Issue:October 2016

DEVICE STUDY - The Intuitiveness, Ergonomics & Usability of the Credence Companion® Safety Syringe: A Formative Study


From the first conceptualization of a disruptive drug delivery device that could meet the emerging needs of biopharma manufacturers, Credence MedSystems has focused on providing the best possible injection device with the least possible impact on the drug manufacturer’s development, regulatory, and supply chain processes. This commitment to Innovation Without Change has resulted in the Credence Companion platform of injectable safety drug delivery devices. Credence incorporates the use of commercially available syringe barrels and closure components to result in a fully integrated syringe system with passive needle-retraction safety; upon completion of the injection, the user receives audible, visual, and tactile cues that the dose has been delivered, and then the needle automatically retracts through the stopper and into the barrel of the syringe, rendering the syringe needle-free and preventing reuse. See Figure 1, which depicts the single step mixing and passive needlestick safety features of the Companion Dual Chamber Reconstitution Syringe. The benefits of the Companion Platform have been discussed in prior Drug Development & Delivery articles, including Jan/Feb 2015 and Oct 2015, which can be viewed at These benefits, however, are only fully realized if the device can be utilized easily and correctly by the end-user. Credence has recently completed a formative human factors study to assess the intuitiveness, ergonomics, and usability of the Companion Staked Safety Syringe. A White Paper summarizing the results of that evaluation is presented herein.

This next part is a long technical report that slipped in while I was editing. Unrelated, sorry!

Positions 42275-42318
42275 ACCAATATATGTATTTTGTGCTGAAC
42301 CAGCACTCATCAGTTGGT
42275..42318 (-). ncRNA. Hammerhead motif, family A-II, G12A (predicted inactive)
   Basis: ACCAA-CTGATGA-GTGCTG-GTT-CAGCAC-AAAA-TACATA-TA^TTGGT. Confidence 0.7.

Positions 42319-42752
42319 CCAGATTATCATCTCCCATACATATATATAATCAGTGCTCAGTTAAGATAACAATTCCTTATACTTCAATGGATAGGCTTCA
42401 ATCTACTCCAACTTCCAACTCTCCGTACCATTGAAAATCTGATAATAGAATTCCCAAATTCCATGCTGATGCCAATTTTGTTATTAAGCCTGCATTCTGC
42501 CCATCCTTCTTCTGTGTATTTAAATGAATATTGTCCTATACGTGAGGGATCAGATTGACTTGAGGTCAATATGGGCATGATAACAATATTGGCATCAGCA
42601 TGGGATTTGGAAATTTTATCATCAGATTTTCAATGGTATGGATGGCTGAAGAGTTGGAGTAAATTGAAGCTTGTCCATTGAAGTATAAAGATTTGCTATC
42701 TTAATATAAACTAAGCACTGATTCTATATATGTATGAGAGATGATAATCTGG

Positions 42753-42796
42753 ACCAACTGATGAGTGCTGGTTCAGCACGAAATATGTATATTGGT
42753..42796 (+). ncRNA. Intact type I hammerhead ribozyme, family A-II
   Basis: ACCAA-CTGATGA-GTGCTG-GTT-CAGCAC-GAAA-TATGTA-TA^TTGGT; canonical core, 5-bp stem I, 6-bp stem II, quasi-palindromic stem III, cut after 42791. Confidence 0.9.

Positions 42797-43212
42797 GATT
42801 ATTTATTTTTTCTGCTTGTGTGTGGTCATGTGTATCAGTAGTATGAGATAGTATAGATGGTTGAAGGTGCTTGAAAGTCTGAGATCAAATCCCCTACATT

2016 Formative Human Factors Study of the Credence Companion Staked Safety Syringe*

The primary objective of this formative human factors study was to evaluate and assess the intuitiveness, ergonomics, and usability of the Credence Companion® Staked Safety Syringe.

Materials & Methods